The coupler is a Cruisemaster DO35 and comes standard for the Sherpa. I don’t have any experience with it, but have heard good things. I’m currently running a McHitch. Pretty much anything but a ball will have decent performance for what most people will put these trailers through.

Technical specifications

Standard configuration

  • 1 piece fiberglass cone (20mm thick) with honeycomb core
  • Raptor-liner paint all round
  • 150 x 100 x 4 singular galvanized steel drawbar/chassis beam (through to recovery points)
  • 1.6-ton Cruisemaster independent coil suspension with twin shock absorbers
  • 10” electric drum brakes
  • (3) 17 x 8 CSA Raptor matt black rims – LC6 pattern
  • BF Goodrich KO2’s
  • Do35 Cruisemaster coupler
  • (2) 5-gallon fuel container holders
  • Electronic access fiberglass doors with honeycomb core and plexiglass windows
  • Internal cupboard storage
  • (4) pocket storage compartments behind backrests
  • Fully upholstered backrest (2” foam)
  • 150mm foam queen mattress
  • Marine grade hood lining
  • Blue Sea circuit breakers and fuses
  • Wireless Receiver
  • Ark750 Jockey Wheel
  • Ladder (rooftop tent model only)
  • (2) Port window + fly screens

Optional upgrades

  • Cruisemaster Level 3 Air Kit (includes Air Bags, Compressor, Tank & Switching) $2379.00
  • LC5 Stud 12 Inch Hub Upgrade $414.00
  • BRS Offroad Stone Deflector Guard $810.00
  • Awning Walls – Short $240.00
  • Awning Walls – Long $420.00
  • Enerdrive 200amp B-Tec Lithium battery $3024.00
  • Enerdrive 2000watt Inverter $1885.00
  • Truma Aventa Compact Plus A/C. (non-roof top tent only) $3600.00
  • Storage shelf net $250.00
  • Curtains $450.00
  • Extend chassis length 500mm $850.00
  • Motorcycle Rack (Max weight 150kg) $3000.00
  • Front Runner roof rack $1600.00

Additionally, you can remove a number of stock components if you want to really strip it down and build out yourself. I’m not sure why you would, though–it comes with all of the stuff I’d want on there, anyway…

Final thoughts

I love my Conqueror trailer, but it can be difficult to set up. I have an older model that has four stabilizers and tent awnings (that deploy on either side), which require guy lines and poles and are not trivial to stow if winds pick up. The BRS Sherpa is much easier–drop the jack wheel (or even leave it attached to the towing vehicle), pop the doors and back hatch, and camp is ready.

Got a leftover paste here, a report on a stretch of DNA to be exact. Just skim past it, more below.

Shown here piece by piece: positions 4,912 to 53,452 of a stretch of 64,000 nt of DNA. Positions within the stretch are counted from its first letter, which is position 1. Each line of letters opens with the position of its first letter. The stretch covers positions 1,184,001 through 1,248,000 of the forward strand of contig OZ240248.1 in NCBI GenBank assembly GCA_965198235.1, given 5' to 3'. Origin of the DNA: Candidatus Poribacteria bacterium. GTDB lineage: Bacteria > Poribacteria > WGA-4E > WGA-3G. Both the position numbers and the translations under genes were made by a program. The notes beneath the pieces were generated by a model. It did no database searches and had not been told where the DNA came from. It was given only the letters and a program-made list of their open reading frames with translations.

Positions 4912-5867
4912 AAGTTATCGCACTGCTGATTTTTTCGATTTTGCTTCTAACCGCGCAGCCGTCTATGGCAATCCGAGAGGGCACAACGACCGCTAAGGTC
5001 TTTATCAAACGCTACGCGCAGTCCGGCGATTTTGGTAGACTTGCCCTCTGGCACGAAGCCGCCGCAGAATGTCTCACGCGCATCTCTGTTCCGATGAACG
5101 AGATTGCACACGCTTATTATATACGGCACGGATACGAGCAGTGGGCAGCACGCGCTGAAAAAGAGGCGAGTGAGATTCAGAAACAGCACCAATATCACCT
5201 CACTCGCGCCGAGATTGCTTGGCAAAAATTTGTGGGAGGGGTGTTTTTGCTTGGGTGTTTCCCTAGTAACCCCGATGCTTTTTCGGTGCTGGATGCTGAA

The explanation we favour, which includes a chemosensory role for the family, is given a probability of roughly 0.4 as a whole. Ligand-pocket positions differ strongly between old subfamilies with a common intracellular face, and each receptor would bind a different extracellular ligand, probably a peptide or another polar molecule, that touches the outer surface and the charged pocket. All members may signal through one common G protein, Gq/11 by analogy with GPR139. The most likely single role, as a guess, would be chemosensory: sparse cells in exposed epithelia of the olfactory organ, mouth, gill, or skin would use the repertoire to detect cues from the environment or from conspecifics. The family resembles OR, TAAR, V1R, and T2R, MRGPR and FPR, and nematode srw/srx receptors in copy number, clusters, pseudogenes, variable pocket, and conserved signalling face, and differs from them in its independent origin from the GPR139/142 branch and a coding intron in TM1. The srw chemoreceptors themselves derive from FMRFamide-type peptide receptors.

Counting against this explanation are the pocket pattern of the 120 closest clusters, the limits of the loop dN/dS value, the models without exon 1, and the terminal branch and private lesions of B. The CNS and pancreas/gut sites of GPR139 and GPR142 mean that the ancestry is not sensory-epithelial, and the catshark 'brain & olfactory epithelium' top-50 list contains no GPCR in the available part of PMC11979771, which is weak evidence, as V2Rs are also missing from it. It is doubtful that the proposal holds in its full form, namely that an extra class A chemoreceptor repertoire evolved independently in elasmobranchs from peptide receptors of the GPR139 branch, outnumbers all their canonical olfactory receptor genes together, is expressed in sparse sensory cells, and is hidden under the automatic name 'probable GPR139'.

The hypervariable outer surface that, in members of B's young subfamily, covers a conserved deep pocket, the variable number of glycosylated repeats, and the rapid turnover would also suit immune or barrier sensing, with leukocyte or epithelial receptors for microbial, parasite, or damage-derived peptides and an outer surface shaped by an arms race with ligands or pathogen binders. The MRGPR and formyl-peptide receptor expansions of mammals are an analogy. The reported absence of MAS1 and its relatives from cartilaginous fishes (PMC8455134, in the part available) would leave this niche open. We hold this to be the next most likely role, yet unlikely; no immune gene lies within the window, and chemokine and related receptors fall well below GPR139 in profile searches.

One of the things that I have come to appreciate the more I get out and enjoy “Overlanding” in the backcountry is the ease of setup and take down. I don’t want to spend chunks of my trip deploying my campsite. The faster I can get things set up, and camp chores managed, the more time there is to sit, relax, and enjoy the location. The BRS gives that through the use of a teardrop-style compartment, rooftop tent, freestanding awning, and rapidly deployable kitchen area.

The BRS comes in at a cool $50k price tag which is not at all unreasonable for a super rugged, fully kitted, fast-deploy trailer. And you have the option to delete a bunch of things if you want to start with bare bones and add your own components. If you are just getting into trailers and want something that will perform off-road as well (or better than) your vehicle, check out the BRS Sherpa.

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Avatar Author ID 94 - 1931248841

Tom is a former Navy Corpsman that spent some time bumbling around the deserts of Iraq with a Marine Recon unit, kicking in tent flaps and harassing sheep. Before that, he was a paramedic somewhere in DFW, also doing some Executive Protection work between shifts. Now that those exciting days are behind him, he has embraced his inner “Warrior Hippie,” and assaults 14er in his sandals, and engages in rucking adventure challenges while consuming copious water. To fund these adventures, he writes all manner of content (having also held editor positions at several publications) and teaches wilderness medicine and off-road skills. He hopes that his posts will help you find the gear that will survive whatever you can throw at it (and the training to use it). Learn from his mistakes--he is known (in certain circles) for his curse...ahem, find the breaking point of anything. You can follow him at